There was an article published on Friday May 28, 2010 in the Tampa Bay Business Journal titled Restaurants, hotels launch anti-oil PR effort that announces a major ad campaign already that began earlier this week telling the public that Florida Beaches are clear of oil from BP gulf oil catastrophe. My first reaction was of course, you have got to be kidding me and this response is not directed at the Hotels or Resorts but at the State of Florida. The ads which began running May 24th will continue through June 4th may not be accurate.

You Have to Wonder

Gulf Oil Spill Arial Photo

Although I understand that tourism is crucial to the Florida economy especially this Memorial weekend, part of me is wondering if this will now play out like a Hollywood horror movie where public officials try to protect the tourism dollar by minimizing the dangers. Globs of oil have washing up on gulf beaches since last week and it is only a matter of time before Florida beaches on the Gulf side see an impact although due to water currents not all beaches will be affected equally. Unfortunately the true impact may not be visible because only a fraction of the oil and contaminants reach the surface.

The latest estimates for the amount of oil spewing into the gulf of Mexico are at least 4 times the amount that the Exxon Valdez spilled.

“Two teams of scientists calculated the well has been spewing between 504,000 and more than a million gallons a day. Even using the most conservative estimate, that means about 18 million gallons have spilled so far. In the worst-case scenario, 39 million gallons have leaked.”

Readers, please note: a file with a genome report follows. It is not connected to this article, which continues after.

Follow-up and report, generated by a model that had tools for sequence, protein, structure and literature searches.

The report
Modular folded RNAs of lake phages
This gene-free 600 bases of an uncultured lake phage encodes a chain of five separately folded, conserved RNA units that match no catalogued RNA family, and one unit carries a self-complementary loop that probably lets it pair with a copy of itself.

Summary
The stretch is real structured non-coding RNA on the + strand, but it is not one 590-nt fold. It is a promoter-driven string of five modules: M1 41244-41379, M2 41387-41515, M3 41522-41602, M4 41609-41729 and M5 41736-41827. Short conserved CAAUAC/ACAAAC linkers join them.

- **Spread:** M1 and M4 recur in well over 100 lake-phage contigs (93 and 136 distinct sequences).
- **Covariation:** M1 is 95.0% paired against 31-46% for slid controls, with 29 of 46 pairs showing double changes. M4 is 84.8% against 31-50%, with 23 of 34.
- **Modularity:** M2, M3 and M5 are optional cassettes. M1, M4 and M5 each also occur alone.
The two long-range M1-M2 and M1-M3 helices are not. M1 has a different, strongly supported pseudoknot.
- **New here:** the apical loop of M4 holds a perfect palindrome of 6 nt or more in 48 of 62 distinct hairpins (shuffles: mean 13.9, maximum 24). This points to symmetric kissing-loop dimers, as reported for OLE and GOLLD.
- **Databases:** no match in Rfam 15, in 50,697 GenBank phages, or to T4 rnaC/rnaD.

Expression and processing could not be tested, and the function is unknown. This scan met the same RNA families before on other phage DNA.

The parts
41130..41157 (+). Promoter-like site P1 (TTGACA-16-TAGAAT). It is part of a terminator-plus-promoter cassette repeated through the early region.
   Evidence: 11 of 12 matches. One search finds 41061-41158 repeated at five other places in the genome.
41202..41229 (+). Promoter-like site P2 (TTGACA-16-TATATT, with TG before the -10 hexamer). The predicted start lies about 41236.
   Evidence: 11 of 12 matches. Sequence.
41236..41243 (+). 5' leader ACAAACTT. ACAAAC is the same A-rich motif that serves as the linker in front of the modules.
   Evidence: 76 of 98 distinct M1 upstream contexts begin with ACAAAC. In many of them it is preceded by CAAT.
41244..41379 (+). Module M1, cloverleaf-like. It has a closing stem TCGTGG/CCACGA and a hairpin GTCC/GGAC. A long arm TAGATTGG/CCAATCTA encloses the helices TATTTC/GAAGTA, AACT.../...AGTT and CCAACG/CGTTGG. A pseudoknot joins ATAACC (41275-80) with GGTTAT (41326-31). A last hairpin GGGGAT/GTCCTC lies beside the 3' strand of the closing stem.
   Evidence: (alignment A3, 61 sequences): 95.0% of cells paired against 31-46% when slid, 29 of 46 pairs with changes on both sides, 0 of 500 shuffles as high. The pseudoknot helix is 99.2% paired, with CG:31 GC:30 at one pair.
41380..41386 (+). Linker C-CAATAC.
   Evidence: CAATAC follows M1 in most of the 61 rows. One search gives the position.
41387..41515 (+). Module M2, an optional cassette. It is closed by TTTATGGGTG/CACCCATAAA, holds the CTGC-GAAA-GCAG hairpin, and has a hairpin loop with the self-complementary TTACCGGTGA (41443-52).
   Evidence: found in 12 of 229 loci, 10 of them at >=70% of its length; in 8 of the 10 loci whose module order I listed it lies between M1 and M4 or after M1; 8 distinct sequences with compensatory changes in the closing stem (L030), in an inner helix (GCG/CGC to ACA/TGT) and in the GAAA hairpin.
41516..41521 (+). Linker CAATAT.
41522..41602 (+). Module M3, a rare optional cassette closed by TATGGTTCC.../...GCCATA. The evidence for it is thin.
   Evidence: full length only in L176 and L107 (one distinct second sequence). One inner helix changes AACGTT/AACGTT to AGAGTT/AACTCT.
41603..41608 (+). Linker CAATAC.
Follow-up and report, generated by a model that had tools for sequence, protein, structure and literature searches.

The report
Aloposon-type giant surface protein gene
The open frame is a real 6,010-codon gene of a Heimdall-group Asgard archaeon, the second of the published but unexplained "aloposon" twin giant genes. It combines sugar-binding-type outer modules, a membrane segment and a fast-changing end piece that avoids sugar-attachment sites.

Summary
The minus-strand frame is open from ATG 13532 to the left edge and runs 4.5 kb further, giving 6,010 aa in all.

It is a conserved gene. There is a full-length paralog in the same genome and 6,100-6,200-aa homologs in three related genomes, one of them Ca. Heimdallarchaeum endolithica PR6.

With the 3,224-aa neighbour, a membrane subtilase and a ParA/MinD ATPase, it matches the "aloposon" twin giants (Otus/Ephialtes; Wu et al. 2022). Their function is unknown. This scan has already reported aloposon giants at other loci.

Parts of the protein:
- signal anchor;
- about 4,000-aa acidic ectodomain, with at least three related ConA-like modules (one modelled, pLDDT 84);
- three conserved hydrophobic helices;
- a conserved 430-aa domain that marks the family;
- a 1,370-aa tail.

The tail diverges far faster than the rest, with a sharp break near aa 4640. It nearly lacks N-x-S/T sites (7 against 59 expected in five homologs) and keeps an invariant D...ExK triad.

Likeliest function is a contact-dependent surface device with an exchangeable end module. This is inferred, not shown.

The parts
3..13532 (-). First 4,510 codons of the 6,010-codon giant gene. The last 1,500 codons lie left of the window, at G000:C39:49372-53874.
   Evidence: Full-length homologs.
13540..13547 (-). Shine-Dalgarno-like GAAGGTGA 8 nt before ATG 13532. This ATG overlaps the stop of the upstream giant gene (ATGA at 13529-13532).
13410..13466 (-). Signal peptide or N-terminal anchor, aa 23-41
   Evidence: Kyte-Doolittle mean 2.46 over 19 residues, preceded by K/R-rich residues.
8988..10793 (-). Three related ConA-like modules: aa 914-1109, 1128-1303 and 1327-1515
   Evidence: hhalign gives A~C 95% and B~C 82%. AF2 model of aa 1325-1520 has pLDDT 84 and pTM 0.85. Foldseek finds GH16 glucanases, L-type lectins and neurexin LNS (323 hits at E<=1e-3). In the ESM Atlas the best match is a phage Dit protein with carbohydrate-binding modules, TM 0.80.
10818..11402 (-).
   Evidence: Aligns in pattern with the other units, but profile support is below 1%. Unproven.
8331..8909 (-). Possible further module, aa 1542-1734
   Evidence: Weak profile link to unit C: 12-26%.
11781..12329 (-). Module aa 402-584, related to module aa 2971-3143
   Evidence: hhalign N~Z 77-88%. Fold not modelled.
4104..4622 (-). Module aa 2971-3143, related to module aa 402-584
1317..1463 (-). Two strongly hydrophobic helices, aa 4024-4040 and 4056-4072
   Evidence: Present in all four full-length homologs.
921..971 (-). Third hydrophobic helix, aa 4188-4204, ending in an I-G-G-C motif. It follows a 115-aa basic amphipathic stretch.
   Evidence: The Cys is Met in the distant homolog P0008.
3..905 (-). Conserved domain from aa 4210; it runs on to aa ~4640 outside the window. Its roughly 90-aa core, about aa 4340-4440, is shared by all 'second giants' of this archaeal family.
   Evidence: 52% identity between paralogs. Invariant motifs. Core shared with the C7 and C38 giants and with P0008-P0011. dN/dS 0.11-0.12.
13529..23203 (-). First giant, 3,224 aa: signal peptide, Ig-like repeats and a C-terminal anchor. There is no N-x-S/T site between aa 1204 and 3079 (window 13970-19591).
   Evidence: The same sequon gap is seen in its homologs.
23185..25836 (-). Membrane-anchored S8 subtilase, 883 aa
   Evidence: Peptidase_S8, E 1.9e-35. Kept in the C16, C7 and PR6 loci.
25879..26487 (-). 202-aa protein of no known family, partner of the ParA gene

Source: Tampa Bay Times

“…scientists said the mile-deep well has been spewing 12,000 to 19,000 barrels of oil a day, far more than previously estimated”

Source: The Washington Post

At 42 gallons per barrel the estimate is between 500,000 and 1,000,000 gallons of oil have been are now in the gulf of Mexico. These are incredible numbers and it makes it inevitable that the entire coastal region will be impacted in some manner or form.

A more prudent approach would be to state that although Florida Gulf beaches may be visibly clean at the moment, tourists and beachgoers should be on the lookout for the following signs of danger including but not limited to tar balls, globs of oils, oily film on the waters surface, rashes, petroleum odors and so on. Hotels and Resorts need to be prepared to inspect beaches as well as other assets for the first signs of oil emergence and make sure their air filtering systems are in optimal working condition. The best way to do tackle maintenance tasks are to have them organized using a CMMS system.

We wish everyone a safe summer, but lets be careful out there and have a healthy dose of skepticism if someone is telling you “Oil – what Oil? There is no danger here”

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